Beijing is incensed by the move because it will dramatically shift the power balance in the South China Sea, where it fights for influence with the West over smaller countries like Taiwan, Vietnam, and the Philippines.
In an article published on Tuesday, Taiwan's president Tsai said: "They should remember that if Taiwan were to fall, the consequences would be catastrophic for regional peace and the democratic alliance system.
"It would signal that in today's global contest of values, authoritarianism has the upper hand over democracy."
Taiwan hopes for peaceful coexistence with China, she said, but "if its democracy and way of life are threatened, Taiwan will do whatever it takes to defend itself."
Tsai's government on Monday urged Beijing to stop "irresponsible provocative actions" after the warplanes breached Taiwan's air defence identification zone (ADIZ).
"Amid almost daily intrusions by the People's Liberation Army, our position on cross-strait relations remains constant: Taiwan will not bend to pressure," Tsai added.
The ADIZ is not the same as Taiwan's territorial airspace but includes a far greater area that overlaps with part of China's own air defence identification zone and even includes some of the mainland.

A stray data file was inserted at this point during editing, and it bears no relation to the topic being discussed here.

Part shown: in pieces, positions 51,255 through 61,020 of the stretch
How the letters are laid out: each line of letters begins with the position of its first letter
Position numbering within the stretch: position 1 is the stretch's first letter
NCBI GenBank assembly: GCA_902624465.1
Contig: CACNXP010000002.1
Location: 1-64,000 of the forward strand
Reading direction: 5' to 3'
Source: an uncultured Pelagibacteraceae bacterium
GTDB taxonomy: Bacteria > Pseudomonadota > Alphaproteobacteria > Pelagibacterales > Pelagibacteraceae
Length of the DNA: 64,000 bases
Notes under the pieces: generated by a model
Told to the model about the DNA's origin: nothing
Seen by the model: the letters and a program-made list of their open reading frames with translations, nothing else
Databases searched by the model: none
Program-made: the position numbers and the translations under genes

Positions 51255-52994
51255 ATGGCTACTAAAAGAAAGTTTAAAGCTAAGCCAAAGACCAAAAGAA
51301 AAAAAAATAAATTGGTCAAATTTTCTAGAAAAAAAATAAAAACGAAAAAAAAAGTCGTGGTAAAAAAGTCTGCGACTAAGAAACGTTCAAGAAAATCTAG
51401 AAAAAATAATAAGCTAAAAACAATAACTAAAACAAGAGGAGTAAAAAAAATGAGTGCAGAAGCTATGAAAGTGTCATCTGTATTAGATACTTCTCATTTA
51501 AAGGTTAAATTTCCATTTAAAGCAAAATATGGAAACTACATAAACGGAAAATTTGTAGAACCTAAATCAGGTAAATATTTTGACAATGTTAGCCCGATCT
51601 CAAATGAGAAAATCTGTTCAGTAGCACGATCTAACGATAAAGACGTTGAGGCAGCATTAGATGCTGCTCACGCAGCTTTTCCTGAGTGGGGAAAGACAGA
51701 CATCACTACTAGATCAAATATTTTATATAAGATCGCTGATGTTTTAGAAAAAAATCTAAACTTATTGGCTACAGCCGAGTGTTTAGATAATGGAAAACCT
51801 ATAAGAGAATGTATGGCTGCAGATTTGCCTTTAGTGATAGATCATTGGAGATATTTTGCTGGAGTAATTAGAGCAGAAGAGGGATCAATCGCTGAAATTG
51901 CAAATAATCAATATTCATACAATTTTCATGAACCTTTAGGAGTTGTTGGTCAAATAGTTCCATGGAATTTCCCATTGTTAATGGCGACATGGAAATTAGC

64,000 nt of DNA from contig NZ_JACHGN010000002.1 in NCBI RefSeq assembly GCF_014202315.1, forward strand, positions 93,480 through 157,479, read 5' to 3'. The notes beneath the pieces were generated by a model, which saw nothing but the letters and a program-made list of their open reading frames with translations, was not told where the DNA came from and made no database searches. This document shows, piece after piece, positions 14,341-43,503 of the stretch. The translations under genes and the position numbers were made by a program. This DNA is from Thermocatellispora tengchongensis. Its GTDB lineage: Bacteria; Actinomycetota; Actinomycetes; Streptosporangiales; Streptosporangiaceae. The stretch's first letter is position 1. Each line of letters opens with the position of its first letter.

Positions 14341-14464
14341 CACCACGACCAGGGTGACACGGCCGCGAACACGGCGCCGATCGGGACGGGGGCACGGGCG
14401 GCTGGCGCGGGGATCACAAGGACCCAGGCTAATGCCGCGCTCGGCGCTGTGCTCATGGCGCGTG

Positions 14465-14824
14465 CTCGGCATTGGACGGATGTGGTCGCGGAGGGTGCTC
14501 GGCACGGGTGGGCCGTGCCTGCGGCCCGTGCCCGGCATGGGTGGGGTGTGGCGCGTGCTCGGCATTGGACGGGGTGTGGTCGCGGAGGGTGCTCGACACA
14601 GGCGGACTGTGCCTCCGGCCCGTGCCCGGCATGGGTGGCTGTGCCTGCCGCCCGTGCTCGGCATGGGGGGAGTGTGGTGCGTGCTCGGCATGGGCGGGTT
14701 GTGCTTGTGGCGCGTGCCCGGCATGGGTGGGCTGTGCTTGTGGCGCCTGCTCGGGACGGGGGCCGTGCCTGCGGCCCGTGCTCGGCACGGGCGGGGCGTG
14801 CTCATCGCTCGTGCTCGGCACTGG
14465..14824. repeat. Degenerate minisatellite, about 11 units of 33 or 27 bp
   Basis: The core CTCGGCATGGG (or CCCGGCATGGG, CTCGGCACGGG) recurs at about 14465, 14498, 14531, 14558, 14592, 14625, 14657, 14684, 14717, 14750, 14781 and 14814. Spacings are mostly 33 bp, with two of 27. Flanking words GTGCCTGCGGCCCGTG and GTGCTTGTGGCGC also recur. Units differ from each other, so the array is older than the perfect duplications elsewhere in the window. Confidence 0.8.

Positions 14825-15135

Chinese state media on Monday accompanied the military incursion with threats to Taiwan.
Global Times editor Hu Xijin tweeted that it is "only a matter of time before Taiwan's separatist authorities fall" - describing the weekend's show-of-force as a "military parade" to mark China's National Day on October 1.
An editorial in the same newspaper then added that - unlike the "guard of honor" in traditional parades - the planes flew toward Taiwan at the weekend "are fighting forces aimed at actual combat."
"The increase in the number of aircraft showed the PLA Air Force's operational capabilities," the newspaper said, adding: "It is a clear and unmistakable declaration of China's sovereignty over the island."
The operations are designed to familiarise pilots with "battlefield conditions" so that "once the order to attack is given" they will be able to fight like "experienced veterans," the editorial concluded.
"There is no doubt about the future of the situation across the Taiwan Straits.
"The initiative of when and how to solve the Taiwan question is firmly in the hands of the Chinese mainland."
China has flown near-daily missions into Taiwan's airspace since the start of the year, the island's government has said, though most comprise only one aircraft.
But that changed dramatically at the weekend, with 38 planes flown into the "air defence identification zone" on Friday.